After nearly 50 years of shoeing horses, the basics remain critical in Dick Becker’s hoof-care work.

“Yes, I still believe in a basic approach because I can build from that foundation,” says the International Horseshoeing Hall of Fame member from Lapeer, Mich. “If you lack a foundation, the house will collapse.”

It’s equally important to remember that there’s “no such thing as a perfect horse or perfect shoeing job.”

“We need to shoe the whole horse, focusing on the hoof capsule. Again, our job is preserving the integrity of that hoof capsule. You have to deal with what you have. The job is to improve the horse, so what can you do to help the horse improve a little each time? As farriers, we are best when we can get to where we manage the hoof capsule.”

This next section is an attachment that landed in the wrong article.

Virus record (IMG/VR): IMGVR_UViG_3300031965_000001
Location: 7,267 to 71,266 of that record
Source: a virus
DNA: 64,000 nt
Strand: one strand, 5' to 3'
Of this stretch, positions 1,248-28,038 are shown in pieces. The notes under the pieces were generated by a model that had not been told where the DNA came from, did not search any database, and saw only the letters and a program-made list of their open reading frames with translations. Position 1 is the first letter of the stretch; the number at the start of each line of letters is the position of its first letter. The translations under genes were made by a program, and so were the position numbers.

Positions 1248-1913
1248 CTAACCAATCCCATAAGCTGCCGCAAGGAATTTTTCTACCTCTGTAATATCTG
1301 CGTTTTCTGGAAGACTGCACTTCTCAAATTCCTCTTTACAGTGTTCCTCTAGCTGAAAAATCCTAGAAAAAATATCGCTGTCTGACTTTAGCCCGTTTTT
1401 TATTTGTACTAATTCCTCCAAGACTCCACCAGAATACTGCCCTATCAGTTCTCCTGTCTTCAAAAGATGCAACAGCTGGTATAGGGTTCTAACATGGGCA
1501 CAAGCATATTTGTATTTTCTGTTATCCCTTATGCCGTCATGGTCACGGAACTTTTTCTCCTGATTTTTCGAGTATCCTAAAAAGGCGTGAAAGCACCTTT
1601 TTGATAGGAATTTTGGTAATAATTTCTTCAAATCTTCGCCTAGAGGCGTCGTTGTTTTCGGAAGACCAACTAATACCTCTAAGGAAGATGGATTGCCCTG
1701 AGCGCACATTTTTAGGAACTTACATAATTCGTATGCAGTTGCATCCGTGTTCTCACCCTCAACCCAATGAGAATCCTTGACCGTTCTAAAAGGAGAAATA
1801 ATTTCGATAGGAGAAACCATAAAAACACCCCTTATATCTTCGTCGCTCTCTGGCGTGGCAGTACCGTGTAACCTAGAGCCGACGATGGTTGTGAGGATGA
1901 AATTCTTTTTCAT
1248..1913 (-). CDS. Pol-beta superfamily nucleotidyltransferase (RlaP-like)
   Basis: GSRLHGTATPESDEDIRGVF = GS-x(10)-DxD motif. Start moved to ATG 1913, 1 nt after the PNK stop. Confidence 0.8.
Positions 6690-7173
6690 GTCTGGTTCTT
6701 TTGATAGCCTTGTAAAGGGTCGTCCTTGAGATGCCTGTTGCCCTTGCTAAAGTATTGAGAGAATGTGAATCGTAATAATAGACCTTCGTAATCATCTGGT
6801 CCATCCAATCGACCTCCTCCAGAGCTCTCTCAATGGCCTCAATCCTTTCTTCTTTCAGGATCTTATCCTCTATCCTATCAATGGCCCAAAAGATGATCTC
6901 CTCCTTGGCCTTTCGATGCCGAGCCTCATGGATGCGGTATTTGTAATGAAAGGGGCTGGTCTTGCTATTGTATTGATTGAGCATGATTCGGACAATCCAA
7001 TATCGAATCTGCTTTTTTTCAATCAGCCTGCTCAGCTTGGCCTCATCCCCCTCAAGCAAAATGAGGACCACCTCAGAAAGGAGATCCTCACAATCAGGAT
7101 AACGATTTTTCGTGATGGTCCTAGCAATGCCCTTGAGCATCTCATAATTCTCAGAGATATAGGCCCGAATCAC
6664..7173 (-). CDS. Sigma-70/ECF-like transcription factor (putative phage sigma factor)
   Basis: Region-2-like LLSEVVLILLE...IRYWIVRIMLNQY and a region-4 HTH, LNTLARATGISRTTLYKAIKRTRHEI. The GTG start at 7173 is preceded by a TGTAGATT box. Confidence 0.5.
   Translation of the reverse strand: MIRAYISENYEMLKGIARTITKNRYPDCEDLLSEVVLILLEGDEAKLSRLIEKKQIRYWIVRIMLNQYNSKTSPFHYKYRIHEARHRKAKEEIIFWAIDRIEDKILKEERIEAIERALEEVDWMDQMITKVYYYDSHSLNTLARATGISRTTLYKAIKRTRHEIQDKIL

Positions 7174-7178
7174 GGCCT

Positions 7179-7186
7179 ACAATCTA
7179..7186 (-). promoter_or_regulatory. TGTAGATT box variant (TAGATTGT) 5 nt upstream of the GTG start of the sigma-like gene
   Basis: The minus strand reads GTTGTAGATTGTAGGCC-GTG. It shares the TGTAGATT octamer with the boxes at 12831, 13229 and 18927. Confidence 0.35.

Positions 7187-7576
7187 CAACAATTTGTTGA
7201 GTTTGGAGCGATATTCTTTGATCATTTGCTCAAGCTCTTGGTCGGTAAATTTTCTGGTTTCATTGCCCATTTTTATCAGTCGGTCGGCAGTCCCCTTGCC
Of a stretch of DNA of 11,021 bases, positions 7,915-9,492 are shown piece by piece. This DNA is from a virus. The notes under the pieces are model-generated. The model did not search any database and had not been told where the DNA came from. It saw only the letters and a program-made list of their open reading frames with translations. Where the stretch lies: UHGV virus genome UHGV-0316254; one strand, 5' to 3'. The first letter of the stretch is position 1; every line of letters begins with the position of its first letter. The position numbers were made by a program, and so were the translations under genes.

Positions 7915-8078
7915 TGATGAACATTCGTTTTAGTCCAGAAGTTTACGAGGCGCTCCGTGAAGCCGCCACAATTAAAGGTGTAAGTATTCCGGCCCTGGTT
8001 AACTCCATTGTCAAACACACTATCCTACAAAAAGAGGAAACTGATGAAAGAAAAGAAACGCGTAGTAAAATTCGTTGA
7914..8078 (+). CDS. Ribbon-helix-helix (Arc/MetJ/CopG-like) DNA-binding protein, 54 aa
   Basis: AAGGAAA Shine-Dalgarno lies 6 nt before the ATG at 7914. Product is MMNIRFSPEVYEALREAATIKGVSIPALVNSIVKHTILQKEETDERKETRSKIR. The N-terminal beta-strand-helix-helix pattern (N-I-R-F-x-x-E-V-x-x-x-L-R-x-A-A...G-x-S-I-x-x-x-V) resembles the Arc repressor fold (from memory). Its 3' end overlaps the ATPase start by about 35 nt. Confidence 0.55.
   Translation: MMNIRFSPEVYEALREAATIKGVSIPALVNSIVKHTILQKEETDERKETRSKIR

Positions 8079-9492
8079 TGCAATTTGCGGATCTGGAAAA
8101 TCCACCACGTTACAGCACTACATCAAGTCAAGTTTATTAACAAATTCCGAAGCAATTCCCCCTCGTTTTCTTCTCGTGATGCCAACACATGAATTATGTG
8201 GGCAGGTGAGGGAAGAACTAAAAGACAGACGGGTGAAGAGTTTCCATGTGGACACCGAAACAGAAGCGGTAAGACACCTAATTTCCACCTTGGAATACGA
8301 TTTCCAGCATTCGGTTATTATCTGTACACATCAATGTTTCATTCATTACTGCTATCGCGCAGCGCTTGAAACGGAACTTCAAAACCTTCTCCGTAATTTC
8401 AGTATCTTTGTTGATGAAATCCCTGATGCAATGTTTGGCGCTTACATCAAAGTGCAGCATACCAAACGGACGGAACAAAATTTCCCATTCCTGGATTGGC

If you are trying to find a solution for the horse, Becker warns against being too aggressive. Stick to the basics and avoid doing too much at once.

“You don’t throw the kitchen sink at the horse,” he says. “If it doesn’t work, you won’t be able to tell which part failed. Less is more. If you look, the horse will teach you.”

Learn More

  • Advice on Shoeing Hunters and Jumpers with Dick Becker: The International Horseshoeing Hall of Fame member shares insight on managing the feet of top level sport horses.
  • An Interview with Dick Becker: In this episode of the American Farriers Journal podcast, we welcome Dick Becker of Lapeer, Mich., to share the many important lessons he's learned during his years of shoeing.
  • $300 For A Shoeing Job?: To some this is just an old invoice. But as a farrier, I see the history of our trade. It also tells me of the value of a farrier.